How Concerned Should A Young Athlete Be About Heart Health?
Q.: I’ve seen stories in the news about seemingly healthy young athletes dying suddenly from heart failure. How does that happen? As a college student involved in sports, should I be concerned?
A.: To answer your first question, there is a condition called hypertrophic cardiomyopathy, which, simply put, is a diagnosis of someone with thick heart tissue.
Hypertrophic cardiomyopathy is the condition most associated with sudden cardiac death in athletes. In cases in which an athlete suddenly dies on the court or field because of heart failure, it’s likely he or she had this condition. But because heart failure is complicated, other factors could have played into the unfortunate outcome.
I don’t know if you specifically should be concerned, but it’s good to be aware. Consider your own health history and family background first. If you have had heart issues in the past or if a relative has suffered with heart conditions, maybe you should be more cautious.
Do you have any symptoms? Shortness of breath upon exertion is the most common indicator of heart-related conditions and should not be ignored.
Also, pay attention to how much water you are retaining. Retention of water in areas like the legs can also indicate larger heart issues.
It’s also important to take a look at your lifestyle. Activities such as binge drinking, drug use and smoking are extremely detrimental to the heart. Even if heart conditions do not run in your family, these activities can exacerbate the potential for developing one. So many young people get caught up in these kinds of activities and do not realize what they are putting on the line. Peer pressure really plays a role in this, too. Teens and young adults, especially college aged, face great pressure to binge drink and try drugs at parties, and with each sip or puff, they effect their bodies in many ways, including the heart.
Some less suspicious causes of heart conditions and sudden heart failure are viruses and disease. Human Immunodeficiency Virus, for example, has been known to lead to heart disease. Among the many reasons to monitor your sexual activity, protecting your heart is a compelling one; contracting HIV can cause death not only through the virus itself but also through the effect of the virus on cardiac activity.
Similarly, travelers can contract other diseases that can also lead to sudden heart failure. A little research when determining worldwide travel plans can be a lifesaver.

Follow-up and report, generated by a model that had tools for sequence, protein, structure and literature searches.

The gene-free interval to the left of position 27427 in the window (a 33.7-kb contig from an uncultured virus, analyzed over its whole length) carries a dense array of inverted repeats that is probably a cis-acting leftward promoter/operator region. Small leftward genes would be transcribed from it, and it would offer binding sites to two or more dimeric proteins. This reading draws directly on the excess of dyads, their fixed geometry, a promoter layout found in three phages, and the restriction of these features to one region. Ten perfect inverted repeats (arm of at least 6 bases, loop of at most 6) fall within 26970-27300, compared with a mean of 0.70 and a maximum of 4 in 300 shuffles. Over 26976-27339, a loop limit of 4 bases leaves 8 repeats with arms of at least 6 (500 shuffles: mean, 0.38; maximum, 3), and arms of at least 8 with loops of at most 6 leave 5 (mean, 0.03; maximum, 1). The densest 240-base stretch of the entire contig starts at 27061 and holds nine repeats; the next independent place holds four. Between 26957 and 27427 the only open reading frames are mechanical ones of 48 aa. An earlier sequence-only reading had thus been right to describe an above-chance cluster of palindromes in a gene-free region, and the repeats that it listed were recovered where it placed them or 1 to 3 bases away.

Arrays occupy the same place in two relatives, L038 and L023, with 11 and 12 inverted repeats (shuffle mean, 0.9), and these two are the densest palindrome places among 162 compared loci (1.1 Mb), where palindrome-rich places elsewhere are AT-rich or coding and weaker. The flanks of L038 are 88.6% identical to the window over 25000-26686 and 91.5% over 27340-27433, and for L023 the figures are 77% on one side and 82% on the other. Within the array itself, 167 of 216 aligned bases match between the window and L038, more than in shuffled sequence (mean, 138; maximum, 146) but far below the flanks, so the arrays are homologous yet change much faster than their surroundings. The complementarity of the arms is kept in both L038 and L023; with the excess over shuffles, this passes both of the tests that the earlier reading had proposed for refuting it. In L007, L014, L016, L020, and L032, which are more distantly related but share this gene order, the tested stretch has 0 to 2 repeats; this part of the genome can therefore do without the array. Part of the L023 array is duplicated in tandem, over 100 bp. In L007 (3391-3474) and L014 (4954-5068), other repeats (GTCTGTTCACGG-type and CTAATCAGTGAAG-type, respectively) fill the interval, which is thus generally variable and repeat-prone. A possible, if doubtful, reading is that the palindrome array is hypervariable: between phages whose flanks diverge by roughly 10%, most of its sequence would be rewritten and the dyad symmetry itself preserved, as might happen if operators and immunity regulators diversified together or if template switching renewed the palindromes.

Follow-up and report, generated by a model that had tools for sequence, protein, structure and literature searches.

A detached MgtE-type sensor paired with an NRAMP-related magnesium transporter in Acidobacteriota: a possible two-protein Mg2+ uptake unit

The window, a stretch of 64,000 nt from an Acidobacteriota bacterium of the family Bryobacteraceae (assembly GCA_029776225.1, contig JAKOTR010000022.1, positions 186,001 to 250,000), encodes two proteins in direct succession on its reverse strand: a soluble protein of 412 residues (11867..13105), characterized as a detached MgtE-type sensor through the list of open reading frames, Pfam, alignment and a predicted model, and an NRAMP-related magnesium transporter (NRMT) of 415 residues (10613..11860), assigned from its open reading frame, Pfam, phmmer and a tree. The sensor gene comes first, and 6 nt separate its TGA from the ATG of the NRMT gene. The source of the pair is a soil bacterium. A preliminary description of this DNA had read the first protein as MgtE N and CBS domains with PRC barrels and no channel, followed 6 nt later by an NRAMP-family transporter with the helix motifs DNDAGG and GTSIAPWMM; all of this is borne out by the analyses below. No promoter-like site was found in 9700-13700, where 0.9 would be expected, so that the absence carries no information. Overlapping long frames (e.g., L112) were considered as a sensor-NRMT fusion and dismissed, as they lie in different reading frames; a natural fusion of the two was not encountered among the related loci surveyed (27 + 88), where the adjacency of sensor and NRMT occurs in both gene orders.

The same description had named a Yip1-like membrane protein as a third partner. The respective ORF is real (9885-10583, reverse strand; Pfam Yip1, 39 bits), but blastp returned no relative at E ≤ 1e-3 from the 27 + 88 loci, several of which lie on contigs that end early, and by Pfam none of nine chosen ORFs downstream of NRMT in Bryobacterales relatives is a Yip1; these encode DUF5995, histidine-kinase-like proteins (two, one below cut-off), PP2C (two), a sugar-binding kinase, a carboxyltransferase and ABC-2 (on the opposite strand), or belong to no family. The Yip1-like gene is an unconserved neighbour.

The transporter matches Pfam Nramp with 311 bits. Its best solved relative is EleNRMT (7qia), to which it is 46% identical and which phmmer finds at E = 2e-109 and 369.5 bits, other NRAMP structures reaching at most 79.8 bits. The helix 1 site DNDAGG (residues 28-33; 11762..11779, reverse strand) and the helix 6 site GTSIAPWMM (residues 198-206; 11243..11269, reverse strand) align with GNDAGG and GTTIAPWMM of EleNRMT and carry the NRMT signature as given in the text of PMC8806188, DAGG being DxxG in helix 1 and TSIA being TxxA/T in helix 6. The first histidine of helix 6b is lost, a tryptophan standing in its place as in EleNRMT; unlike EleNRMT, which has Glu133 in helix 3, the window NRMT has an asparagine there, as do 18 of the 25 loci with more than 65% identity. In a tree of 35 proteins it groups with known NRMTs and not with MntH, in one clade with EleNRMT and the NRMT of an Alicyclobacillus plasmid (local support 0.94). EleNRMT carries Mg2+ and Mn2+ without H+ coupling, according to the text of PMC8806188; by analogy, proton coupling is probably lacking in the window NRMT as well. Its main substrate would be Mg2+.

More specifically to you as a student athlete, know that contact sports create a potential risk for heart conditions and sudden heart failure. Something as simple as getting hit in the chest with a baseball can cause a heart contusion and lead to death. In general, heart disorders are exacerbated by extensive physical activity.
None of this is meant to scare you, but to help you understand how sudden heart failure, especially in young adults, is complicated and unpredictable. Each case should really be handled individually, so really the best advice I can give you — and any other athlete — is to get your heart tested.
A simple EKG can give physicians enough information to know if there are any abnormalities in the heart. An EKG should reveal whether or not you have the thick heart tissue I mentioned, or anything else that would affect your athletic career.
Also, it would be helpful to know if your school has an onsite defibrillator. These life-saving devices have become more common on campuses across the nation, an effort that began right here through the Gregory W. Moyer Defibrillator Fund (www.gregaed.org).
Good luck in your upcoming season; play hard, win big and stay healthy.
Dr. Hakki Bolukoglu is a board-certified noninvasive cardiologist and medical director of Lehigh Valley Hospital’s Heart Failure Program. He specializes in cardiovascular diseases, congestive heart failure, nuclear cardiology and echocardiogram imaging. Bolukoglu is a graduate of Aegean University Medical School in Bornova, Izmir, Turkey. He completed his Internal Medicine internship and residency at the University of Wisconsin, Madison, and his fellowship in cardiology at the University of Texas, Houston.
Story Credit: http://www.poconorecord.com/entertainmentlife/20170906/how-concerned-should-young-athlete-be-about-heart-health